This year's strategy focuses on the science behind drug addiction. The new policy is based on the growing body of scientific evidence that addiction is a disease of the brain that can be prevented and treated and is an illness from which people can recover—not a moral failure on the part of the individual, a once widely accepted misconception. "Public opinion on drug policy is finally catching up to what the science has demonstrated for quite some time," said Botticelli. "We cannot incarcerate addiction out of people. While law enforcement should always play a vital role in protecting communities from violent drug-related crime, at the end of the day, we must acknowledge that public-health and criminal-justice initiatives must work together to address this complex challenge in a smarter way."
The updated strategy will continue efforts implemented in 2013 to address the alarming rates and adverse consequences associated with opioid use by highlighting the importance of opioid overdose prevention and treatment and the administration of the overdose drug naloxone by first responders, when necessary. Also, the administration is calling for improved data collection to improve the ability of federal, state, and local officials to identify and respond to emerging drug addiction threats.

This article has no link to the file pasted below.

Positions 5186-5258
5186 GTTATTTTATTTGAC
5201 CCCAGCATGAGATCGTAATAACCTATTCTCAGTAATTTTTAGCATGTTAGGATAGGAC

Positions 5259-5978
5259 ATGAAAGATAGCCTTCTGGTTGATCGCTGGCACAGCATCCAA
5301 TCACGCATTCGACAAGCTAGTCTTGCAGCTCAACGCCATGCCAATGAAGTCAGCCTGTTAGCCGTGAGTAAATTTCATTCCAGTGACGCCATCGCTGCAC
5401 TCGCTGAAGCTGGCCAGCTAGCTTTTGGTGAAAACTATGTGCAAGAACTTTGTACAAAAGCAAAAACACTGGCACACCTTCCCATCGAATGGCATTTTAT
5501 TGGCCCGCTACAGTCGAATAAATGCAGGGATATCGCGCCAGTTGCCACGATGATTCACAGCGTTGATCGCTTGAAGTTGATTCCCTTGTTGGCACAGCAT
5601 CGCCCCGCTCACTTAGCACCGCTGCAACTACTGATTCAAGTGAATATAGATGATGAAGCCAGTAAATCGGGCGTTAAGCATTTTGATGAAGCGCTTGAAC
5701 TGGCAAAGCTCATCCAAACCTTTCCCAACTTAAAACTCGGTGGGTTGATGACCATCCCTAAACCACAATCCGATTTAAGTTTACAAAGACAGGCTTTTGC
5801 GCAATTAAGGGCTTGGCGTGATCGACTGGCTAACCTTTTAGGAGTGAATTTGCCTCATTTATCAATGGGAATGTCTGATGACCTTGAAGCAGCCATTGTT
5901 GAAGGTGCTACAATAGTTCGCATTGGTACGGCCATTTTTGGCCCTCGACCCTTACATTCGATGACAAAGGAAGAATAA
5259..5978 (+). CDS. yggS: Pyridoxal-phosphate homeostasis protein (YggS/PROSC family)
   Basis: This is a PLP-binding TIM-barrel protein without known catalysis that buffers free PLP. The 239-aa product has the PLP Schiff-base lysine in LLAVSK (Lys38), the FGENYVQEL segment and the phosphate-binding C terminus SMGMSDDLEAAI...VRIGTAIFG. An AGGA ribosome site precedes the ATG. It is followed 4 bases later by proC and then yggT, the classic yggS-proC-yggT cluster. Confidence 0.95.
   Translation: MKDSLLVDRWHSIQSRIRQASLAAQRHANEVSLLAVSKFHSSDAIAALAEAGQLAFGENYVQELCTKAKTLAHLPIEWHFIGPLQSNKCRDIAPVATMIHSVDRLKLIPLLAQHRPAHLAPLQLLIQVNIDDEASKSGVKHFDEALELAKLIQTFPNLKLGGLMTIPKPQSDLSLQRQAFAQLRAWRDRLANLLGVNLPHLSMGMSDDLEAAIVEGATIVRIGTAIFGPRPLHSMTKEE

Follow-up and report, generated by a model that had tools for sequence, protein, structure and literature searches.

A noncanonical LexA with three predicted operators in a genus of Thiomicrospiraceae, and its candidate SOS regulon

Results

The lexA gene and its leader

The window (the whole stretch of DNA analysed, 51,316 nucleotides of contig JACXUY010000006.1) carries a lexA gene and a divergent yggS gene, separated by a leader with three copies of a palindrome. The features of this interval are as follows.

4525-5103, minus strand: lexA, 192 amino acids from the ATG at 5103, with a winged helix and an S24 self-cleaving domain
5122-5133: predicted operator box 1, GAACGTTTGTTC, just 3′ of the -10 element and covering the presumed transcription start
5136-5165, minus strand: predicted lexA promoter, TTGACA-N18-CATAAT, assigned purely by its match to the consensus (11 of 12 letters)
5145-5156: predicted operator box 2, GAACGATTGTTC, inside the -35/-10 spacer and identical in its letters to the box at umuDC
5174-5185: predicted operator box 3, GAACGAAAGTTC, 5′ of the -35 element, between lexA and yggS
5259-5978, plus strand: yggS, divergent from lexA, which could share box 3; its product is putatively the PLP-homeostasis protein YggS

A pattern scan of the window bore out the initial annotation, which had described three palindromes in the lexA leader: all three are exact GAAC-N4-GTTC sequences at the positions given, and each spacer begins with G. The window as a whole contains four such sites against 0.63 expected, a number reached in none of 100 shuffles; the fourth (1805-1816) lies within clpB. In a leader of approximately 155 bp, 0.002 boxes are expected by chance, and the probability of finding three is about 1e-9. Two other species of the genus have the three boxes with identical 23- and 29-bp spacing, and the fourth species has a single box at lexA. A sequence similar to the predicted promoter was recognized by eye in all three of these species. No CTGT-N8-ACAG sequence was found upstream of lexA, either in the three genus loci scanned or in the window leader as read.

Richard Rosenthal, M.D, a professor of psychiatry at Icahn School of Medicine at Mount Sinai and an addiction expert, told Psychiatric News that "This new approach will bring more access to evidence-based prevention and treatment to those with addiction problems or disorders, which is a de facto public-health gain. The emphasis on prevention of harm, such as providing access to emergency opioid overdose medication, is consistent with other population-based interventions such as teaching the public the Heimlich maneuver or basic resuscitation techniques." Rosenthal concluded that the Obama Administration must increasingly support the National Institutes of Health and other science-based agencies for the much needed addiction research that can serve as part of the factual basis for continuing the evolution of drug policy and strategy.
To read more about the drug reform efforts of the White House, as well as Congress, see the Psychiatric News articles, "White House Wants Primary Care More Involved in Drug Treatment,", and "Bill Would Give Liability Exemption for Use of Overdose-Fighting Drugs."